Graphene foam imbues robots with human sense of touch
Image credit: Public Domain
Robotic limbs and prosthetics could be given human levels of touch sensitivity through the use of graphene foam sensors, researchers at the University of the West of Scotland (UWS) have said.
The introduction of more accurate pressure sensors, which provide haptic feedback and distributed touch, will help robots to improve their dexterity and motor skills.
“Over recent years the advancements in the robotics industry have been remarkable. However, due to a lack of sensory capabilities, robotic systems often fail to execute certain tasks easily. For robots to reach their full potential, accurate pressure sensors, capable of providing greater tactile ability, are required,” said professor Des Gibson, project principal investigator.
Made from 3D graphene foam, which offers unique capabilities when put under mechanical stress, the sensors use a piezoresistive approach, meaning when the material is put under pressure it dynamically changes its electric resistance, easily detecting and adapting to the range of pressure required, from light to heavy.
Marco Caffio, co-founder at Integrated Graphene, said: “Our novel 3D graphene foam has the capability to mimic the sensitivity and feedback of human touch, which could have a transformative impact on how robotics can be used for a whole range of real-world applications from surgery to precision manufacturing.”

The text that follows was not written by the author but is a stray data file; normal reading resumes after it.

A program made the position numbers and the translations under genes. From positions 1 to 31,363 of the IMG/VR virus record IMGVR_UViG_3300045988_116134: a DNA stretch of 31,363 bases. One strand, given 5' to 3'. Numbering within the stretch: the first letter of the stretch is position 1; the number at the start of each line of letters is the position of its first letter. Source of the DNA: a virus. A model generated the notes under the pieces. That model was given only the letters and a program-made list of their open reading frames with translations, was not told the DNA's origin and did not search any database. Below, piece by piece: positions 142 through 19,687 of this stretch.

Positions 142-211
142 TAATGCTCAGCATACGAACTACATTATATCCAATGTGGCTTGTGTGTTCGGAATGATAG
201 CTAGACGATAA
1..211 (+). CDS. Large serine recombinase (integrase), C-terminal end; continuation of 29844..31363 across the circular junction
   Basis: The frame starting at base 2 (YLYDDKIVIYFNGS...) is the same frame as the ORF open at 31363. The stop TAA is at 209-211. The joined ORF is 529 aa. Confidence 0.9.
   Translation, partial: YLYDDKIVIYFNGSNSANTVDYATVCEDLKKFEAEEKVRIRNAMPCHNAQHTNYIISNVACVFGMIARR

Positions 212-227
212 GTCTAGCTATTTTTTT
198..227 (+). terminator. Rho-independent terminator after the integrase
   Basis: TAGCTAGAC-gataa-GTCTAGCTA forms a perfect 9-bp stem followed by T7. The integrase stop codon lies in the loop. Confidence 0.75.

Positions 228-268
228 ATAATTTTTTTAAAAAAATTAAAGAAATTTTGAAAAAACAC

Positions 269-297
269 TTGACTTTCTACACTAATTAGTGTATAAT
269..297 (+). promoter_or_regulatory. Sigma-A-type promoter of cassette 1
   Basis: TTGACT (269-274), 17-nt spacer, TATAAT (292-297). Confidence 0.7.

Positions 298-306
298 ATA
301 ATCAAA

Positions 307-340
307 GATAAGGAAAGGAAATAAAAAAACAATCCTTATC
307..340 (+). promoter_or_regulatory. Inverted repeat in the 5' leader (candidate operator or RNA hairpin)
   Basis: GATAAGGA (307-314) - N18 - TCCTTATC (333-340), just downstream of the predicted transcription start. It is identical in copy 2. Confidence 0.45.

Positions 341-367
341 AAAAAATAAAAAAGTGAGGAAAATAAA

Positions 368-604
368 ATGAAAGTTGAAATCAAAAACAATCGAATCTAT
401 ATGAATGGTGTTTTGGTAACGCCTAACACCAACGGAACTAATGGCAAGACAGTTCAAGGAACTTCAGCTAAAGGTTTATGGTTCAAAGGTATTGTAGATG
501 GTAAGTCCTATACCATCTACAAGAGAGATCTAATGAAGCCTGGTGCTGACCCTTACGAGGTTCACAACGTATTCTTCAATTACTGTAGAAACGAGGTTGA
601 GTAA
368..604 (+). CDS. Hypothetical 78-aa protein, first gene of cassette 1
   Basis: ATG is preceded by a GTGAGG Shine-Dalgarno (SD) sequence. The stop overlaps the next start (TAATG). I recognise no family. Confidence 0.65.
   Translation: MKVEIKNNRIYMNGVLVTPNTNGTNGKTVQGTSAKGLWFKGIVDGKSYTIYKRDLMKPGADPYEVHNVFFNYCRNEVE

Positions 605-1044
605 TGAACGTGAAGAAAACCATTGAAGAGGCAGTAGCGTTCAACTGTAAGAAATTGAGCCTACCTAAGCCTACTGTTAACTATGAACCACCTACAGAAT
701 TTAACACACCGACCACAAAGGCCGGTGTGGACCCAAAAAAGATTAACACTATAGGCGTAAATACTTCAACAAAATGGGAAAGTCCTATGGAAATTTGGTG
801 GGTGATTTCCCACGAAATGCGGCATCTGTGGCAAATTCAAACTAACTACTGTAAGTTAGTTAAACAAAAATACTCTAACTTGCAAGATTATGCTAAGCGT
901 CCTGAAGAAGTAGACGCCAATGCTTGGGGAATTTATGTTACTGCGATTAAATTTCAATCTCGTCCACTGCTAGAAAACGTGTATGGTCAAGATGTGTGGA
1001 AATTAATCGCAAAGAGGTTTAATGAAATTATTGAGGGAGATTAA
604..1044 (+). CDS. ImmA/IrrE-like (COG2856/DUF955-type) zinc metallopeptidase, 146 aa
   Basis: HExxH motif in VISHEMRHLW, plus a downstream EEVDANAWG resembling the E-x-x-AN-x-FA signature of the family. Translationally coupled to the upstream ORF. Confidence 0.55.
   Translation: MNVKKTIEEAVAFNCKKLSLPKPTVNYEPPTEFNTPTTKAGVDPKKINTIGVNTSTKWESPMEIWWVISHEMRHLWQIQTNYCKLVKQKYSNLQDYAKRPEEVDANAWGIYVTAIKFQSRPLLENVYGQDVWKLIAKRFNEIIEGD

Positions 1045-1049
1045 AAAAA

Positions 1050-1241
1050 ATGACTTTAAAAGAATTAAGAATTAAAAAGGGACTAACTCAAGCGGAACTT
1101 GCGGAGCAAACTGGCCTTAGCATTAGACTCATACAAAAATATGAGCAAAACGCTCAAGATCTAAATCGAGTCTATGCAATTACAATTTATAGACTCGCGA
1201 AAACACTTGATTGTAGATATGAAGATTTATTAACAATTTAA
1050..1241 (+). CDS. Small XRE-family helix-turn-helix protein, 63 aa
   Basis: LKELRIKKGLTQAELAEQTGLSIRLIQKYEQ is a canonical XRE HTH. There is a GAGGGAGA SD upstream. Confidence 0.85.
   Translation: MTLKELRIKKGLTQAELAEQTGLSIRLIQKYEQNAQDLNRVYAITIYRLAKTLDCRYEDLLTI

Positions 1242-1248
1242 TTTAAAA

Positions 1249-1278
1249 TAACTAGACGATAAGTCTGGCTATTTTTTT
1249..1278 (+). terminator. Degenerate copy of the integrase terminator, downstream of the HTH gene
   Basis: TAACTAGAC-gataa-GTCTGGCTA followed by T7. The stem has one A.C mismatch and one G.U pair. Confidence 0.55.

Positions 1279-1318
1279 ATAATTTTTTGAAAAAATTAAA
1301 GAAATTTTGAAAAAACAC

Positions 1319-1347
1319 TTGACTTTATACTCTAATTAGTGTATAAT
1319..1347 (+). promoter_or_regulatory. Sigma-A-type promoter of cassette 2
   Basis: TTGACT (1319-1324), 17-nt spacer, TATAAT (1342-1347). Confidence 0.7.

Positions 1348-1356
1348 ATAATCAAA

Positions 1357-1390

The foam’s unique properties has already made it suitable for use in other applications such as disease diagnostics and energy storage.
Dr Carlos Garcia Nunez, at UWS, added: “Within robotics and wearable electronics the use of pressure sensors is a vital element, to provide either an information input system or to give robotic systems human-like motor skills. An advanced material like 3D graphene foam offers excellent potential for use in such applications, due to its outstanding electrical, mechanical and chemical properties.
“Our work shines a light on the significant potential for this technology to revolutionise the robotics industry with dynamic pressure sensors.”
The next stage of the project will look to further increase sensitivity of the sensors, before developing for wider use in robotic systems.
In June, researchers at the University of Tokyo unveiled a process to cover a robotic finger with living human cells with the aim of making them more lifelike.
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